I've found that many people now comment on my posts via facebook, so I added a facebook box directly to the post to make it easier to converse. The regular comment box is there too. 

Tuesday, July 05, 2011

Now We are Six

    My dear Poppy,

    Here we are again, you growing so fast, and me hardly keeping up. You turned six three months ago, and I'm just now sitting down to write your birthday letter. That's kind of how life is these days, with you and your brothers and sister racing along, and me trying to catch up. You're part of a wild little pack, my girl!

    Six! You're not a little girl anymore; sometimes I look across a room at you and am surprised by how big you are. Not just taller, but more you somehow, like the little girl of a few years ago was a bud, swelling with life, and you're slowly unfurling your petals to become a lovely flower. One of my favorite things about you is how thoughtful you are of others. You're always drawing pictures and making little gifts for the people you care about. You love to pick me flowers and I often have a bouquet of them, chosen with love by my girl. When you get something special, you want to make sure your brothers aren't left out. I love that about you, and hope your generosity continues to bloom!

    It's been so fun to see how much you love and care for Pearl. I will always remember how, when I was in labor with her, you kept bringing me little cards and pictures and flowers. You were like a butterfly, flitting in and out of the room, bringing joy and love. You were right there to welcome your baby sister, to smile down upon her, to whisper to her how pleased you were to finally meet her. And you've been such a sweet little mama-sister to her, helping, holding, singing, loving, and teaching her all about being a girl. Lately, you seem to have forgotten that she's still little and have gotten a bit rough with her at times. I guess she'll learn not only about fairies and dancing and sparkly things, but about getting along in the big rough world, too. I'm glad she has you for a big sister.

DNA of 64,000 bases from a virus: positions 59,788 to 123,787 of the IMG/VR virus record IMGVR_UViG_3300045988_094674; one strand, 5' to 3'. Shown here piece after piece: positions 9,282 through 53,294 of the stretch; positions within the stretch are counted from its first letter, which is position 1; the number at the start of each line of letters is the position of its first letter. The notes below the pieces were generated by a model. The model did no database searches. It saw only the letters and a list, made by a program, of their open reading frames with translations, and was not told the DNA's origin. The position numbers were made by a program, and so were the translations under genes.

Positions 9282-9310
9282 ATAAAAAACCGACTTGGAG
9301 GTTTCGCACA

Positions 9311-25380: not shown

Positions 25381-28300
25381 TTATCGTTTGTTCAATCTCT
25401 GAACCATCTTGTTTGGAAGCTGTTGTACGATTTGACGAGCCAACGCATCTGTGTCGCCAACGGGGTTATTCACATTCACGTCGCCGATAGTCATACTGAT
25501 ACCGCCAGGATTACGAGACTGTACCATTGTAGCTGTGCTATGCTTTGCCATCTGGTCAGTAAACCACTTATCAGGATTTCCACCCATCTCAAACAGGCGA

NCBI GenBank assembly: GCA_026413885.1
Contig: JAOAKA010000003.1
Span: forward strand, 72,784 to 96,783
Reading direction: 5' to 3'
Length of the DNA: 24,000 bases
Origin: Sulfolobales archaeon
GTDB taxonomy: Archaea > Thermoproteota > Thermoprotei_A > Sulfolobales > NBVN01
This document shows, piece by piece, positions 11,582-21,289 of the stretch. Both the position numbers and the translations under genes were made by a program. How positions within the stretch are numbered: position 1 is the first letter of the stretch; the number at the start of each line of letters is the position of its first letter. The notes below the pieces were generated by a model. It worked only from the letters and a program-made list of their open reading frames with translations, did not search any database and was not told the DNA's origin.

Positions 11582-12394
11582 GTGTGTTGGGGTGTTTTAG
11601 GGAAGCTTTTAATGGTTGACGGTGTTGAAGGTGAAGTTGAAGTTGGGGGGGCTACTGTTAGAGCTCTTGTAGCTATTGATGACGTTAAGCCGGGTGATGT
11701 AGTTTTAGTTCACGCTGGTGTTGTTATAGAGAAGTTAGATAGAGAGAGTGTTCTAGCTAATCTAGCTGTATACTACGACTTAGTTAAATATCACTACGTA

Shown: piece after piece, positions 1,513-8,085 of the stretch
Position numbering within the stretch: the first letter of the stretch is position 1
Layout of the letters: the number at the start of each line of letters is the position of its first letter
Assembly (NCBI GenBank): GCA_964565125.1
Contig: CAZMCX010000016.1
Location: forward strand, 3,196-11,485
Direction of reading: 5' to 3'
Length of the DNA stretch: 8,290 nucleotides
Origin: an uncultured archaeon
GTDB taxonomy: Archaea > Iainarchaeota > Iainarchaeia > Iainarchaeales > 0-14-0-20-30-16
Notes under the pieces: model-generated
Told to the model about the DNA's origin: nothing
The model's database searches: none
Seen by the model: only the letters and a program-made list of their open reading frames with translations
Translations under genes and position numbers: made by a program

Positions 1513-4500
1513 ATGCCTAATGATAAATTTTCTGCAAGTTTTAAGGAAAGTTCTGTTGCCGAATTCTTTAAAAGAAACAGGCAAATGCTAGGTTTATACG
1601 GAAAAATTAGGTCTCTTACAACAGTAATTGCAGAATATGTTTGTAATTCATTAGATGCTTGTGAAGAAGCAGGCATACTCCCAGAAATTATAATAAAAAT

You've taken dance lessons for two years now, and it's been fun to watch you grow more confident and graceful. Your creativity is really growing lately, and you've joined the ranks of the crafty, churning out all kinds of pictures and paper crafts. You're waiting patiently to learn how to sew, and love to sit on my lap when I'm sewing, holding pins, and helping however else you can. I learned like that from Grandma, many years ago, and I'm glad to pass that on to you. You like to cook too, and have a few things that are your own creations, and you're pleased to make them for us. Yesterday was the Fourth of July, and you made us parfaits for breakfast, vanilla yogurt layered with strawberries, blueberries, and granola. This was your idea and you pulled it off with lots of love and great pleasure.

    You're awfully quiet sometimes, and I have to work hard to figure out what's going on inside you. There are others around, who are a lot louder and talk enough for several people, but your voice is important too, and I hope that you know we can always talk. I need to work harder to carve out special time with only you; we both seem to need that.

    I love that when you come out in the morning, you still want to curl up in my lap for a good long while, happy to just sit quietly and snuggle up. I enjoy those moments, and hope that you feel surrounded by love always. I know I often get impatient, and when I apologize you're so quick to forgive me. Thank you. You humble me with so much grace, and I want to be more like that.